Dismiss
InnovationQ will be updated on Sunday, Oct. 22, from 10am ET - noon. You may experience brief service interruptions during that time.
Browse Prior Art Database

Algorithmic Random Pattern Generator

IP.com Disclosure Number: IPCOM000035976D
Original Publication Date: 1989-Aug-01
Included in the Prior Art Database: 2005-Jan-28
Document File: 3 page(s) / 79K

Publishing Venue

IBM

Related People

Mirek, GA: AUTHOR [+2]

Abstract

Disclosed is an implementation of an Algorithmic Random Pattern Generator (ARPG), which uses deterministic patterns as seeds and generates random patterns.

This text was extracted from a PDF file.
At least one non-text object (such as an image or picture) has been suppressed.
This is the abbreviated version, containing approximately 54% of the total text.

Page 1 of 3

Algorithmic Random Pattern Generator

Disclosed is an implementation of an Algorithmic Random Pattern Generator (ARPG), which uses deterministic patterns as seeds and generates random patterns.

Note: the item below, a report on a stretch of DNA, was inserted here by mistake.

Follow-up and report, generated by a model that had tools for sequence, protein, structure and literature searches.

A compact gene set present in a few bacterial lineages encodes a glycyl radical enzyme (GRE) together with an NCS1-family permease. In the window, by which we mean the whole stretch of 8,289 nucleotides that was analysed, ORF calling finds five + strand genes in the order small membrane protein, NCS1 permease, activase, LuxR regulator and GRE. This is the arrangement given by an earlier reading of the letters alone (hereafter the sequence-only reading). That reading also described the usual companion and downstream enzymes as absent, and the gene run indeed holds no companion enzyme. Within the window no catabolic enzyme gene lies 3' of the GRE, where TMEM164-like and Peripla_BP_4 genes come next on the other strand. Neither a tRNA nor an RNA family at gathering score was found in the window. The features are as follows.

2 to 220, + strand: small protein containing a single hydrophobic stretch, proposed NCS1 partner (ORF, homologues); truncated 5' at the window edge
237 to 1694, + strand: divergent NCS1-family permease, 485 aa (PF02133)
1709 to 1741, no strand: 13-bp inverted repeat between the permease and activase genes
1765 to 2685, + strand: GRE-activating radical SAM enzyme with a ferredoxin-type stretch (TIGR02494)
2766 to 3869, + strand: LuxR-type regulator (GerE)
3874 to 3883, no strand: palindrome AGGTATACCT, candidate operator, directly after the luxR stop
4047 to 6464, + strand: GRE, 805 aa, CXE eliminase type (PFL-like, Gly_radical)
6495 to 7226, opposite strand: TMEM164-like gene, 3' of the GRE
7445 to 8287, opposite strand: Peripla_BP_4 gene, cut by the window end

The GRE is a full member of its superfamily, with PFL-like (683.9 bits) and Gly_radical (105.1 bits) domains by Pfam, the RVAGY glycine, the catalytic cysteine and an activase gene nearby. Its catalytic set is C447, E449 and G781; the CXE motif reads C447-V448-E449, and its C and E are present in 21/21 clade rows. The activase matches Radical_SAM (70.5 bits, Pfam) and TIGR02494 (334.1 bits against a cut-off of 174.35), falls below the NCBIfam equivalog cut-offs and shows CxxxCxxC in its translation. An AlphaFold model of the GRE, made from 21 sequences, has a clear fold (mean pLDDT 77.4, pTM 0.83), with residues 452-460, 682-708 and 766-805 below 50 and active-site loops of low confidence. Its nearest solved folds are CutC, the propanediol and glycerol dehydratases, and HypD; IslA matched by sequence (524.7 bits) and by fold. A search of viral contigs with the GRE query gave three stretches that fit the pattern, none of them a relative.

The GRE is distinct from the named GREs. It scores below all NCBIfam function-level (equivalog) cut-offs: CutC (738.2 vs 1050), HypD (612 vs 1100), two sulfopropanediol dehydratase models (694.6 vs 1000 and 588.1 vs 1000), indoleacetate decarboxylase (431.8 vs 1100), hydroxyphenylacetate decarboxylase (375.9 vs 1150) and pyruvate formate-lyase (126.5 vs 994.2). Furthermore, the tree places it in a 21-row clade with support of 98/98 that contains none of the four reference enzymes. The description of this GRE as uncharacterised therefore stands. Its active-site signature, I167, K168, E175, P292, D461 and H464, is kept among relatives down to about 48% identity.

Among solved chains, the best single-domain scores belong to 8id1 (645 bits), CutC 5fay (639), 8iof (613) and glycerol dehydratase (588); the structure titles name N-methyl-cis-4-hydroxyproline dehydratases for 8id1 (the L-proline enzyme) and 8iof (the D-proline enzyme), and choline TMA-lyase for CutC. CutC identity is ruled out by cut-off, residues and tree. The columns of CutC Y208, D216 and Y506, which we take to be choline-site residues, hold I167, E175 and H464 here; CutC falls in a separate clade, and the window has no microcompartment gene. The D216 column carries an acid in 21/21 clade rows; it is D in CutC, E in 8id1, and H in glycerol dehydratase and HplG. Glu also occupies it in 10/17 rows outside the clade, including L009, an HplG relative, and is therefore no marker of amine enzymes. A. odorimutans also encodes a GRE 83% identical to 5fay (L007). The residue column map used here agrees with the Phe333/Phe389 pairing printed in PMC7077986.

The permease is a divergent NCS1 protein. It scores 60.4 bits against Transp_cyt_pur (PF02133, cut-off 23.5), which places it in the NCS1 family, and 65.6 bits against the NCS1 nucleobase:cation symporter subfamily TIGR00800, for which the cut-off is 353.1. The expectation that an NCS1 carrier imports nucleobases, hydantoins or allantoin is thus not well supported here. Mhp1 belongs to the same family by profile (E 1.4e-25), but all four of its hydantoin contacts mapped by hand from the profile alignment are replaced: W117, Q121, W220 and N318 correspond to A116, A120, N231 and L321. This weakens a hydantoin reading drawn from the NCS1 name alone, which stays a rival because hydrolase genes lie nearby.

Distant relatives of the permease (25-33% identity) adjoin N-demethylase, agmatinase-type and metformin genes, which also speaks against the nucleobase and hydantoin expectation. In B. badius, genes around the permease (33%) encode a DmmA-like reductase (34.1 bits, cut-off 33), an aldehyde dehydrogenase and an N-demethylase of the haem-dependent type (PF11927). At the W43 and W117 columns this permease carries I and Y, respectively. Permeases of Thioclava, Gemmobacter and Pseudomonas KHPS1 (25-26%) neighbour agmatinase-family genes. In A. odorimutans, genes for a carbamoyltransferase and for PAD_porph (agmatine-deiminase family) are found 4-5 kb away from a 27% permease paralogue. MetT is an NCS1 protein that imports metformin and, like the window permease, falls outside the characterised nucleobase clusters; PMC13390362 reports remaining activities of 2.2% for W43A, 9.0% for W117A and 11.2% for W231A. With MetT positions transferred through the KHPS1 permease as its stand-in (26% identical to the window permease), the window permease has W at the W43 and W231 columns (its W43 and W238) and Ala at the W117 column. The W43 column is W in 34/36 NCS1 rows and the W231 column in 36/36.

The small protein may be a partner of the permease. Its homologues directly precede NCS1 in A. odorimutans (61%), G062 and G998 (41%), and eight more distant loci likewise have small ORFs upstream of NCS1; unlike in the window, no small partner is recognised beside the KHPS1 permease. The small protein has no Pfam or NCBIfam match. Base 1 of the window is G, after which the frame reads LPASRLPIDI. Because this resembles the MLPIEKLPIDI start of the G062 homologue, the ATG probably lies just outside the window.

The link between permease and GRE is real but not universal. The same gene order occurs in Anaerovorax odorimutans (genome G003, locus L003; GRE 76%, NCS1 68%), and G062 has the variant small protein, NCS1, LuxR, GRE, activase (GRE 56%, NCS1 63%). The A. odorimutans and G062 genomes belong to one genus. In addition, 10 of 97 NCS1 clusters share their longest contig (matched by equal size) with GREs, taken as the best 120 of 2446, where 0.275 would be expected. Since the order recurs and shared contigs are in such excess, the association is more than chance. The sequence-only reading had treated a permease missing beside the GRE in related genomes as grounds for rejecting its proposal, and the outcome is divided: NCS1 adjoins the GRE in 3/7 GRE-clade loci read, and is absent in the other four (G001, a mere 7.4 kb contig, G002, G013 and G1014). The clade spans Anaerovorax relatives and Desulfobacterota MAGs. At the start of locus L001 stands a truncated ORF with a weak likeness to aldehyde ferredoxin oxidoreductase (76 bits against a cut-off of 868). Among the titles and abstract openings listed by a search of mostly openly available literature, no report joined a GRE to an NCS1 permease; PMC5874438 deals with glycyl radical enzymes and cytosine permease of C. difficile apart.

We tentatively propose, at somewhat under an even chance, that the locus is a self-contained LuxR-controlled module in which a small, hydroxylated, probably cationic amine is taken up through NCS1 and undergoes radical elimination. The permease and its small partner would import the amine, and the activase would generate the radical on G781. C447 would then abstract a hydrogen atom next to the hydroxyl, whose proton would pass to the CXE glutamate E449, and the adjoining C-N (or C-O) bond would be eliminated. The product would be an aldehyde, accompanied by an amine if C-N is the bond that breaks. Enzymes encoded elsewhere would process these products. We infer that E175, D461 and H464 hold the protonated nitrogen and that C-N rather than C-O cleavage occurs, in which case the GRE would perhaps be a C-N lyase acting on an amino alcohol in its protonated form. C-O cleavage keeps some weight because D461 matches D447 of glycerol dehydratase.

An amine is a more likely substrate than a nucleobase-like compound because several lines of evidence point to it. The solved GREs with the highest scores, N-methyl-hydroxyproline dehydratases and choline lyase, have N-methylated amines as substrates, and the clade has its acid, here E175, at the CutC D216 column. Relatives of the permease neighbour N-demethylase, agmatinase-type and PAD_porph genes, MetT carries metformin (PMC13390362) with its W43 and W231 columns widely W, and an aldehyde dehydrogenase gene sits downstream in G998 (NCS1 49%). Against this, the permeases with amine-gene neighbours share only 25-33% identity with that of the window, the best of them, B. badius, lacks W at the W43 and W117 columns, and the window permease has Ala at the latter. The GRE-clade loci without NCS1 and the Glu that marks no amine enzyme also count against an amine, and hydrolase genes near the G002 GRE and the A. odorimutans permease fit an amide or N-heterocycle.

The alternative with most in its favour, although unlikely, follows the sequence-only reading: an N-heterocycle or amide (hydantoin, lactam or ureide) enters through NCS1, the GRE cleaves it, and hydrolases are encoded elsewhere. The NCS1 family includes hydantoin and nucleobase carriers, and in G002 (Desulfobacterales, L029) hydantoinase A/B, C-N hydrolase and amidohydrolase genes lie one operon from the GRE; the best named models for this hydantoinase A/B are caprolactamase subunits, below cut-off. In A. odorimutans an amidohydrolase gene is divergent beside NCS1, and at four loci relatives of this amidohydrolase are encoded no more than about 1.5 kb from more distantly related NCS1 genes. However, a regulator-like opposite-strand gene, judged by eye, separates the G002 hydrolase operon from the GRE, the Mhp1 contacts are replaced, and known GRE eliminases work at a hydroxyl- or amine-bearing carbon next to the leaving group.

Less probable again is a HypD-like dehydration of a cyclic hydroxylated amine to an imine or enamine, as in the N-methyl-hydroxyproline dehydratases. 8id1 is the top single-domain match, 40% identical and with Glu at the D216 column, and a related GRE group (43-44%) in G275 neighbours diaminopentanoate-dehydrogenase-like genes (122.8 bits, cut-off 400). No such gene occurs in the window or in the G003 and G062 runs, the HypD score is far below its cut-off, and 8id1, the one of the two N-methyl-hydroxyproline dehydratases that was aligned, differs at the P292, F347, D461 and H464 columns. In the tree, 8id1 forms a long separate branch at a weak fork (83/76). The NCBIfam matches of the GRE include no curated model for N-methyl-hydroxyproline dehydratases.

Fig. 1 shows a test system which includes the ARPG. It is generally conceived to become part of the VLSI tester itself, although it could possibly be integrated as part of the device under test (DUT).

Data from the tester is loaded into the ARPG. The ARPG generates (4n-2) new patterns, where 'n' is the number of bits in the seed. Each new pattern is applied to the DUT, and the result of those patterns will be stored in a Multiple Input Signature Register (MISR) (not shown). After all of the ARPG's patterns have been applied, the results are measured by the tester. A reduction in tester data storage requirements has been achieved due to the ARPG's pattern generation process (stimulus patterns) and the MISR's measurement process (measurement patterns).

Fig. 2 shows an n-bit state machine for the ARPG. The ARPG's task is to generate new patterns. However, it needs a starting point. This starting point is referred to as a 'seed' and is an actual test pattern in itself. The seed can be generated by currently existing software. The seed(s) will exist in the tester's main 'pattern memory' and will be loaded into the ARPG's n-bit SRL through the "SCAN IN" input. This is very similar to how the DUT's SRLs are loaded if no A4RPG exists in the test setup. Once the ARPG's SRL is loaded, the random pattern generation may proceed.

Random patterns may be generated using the seed as the initial pattern. In this particular version of the ARPG, it has been decided that t...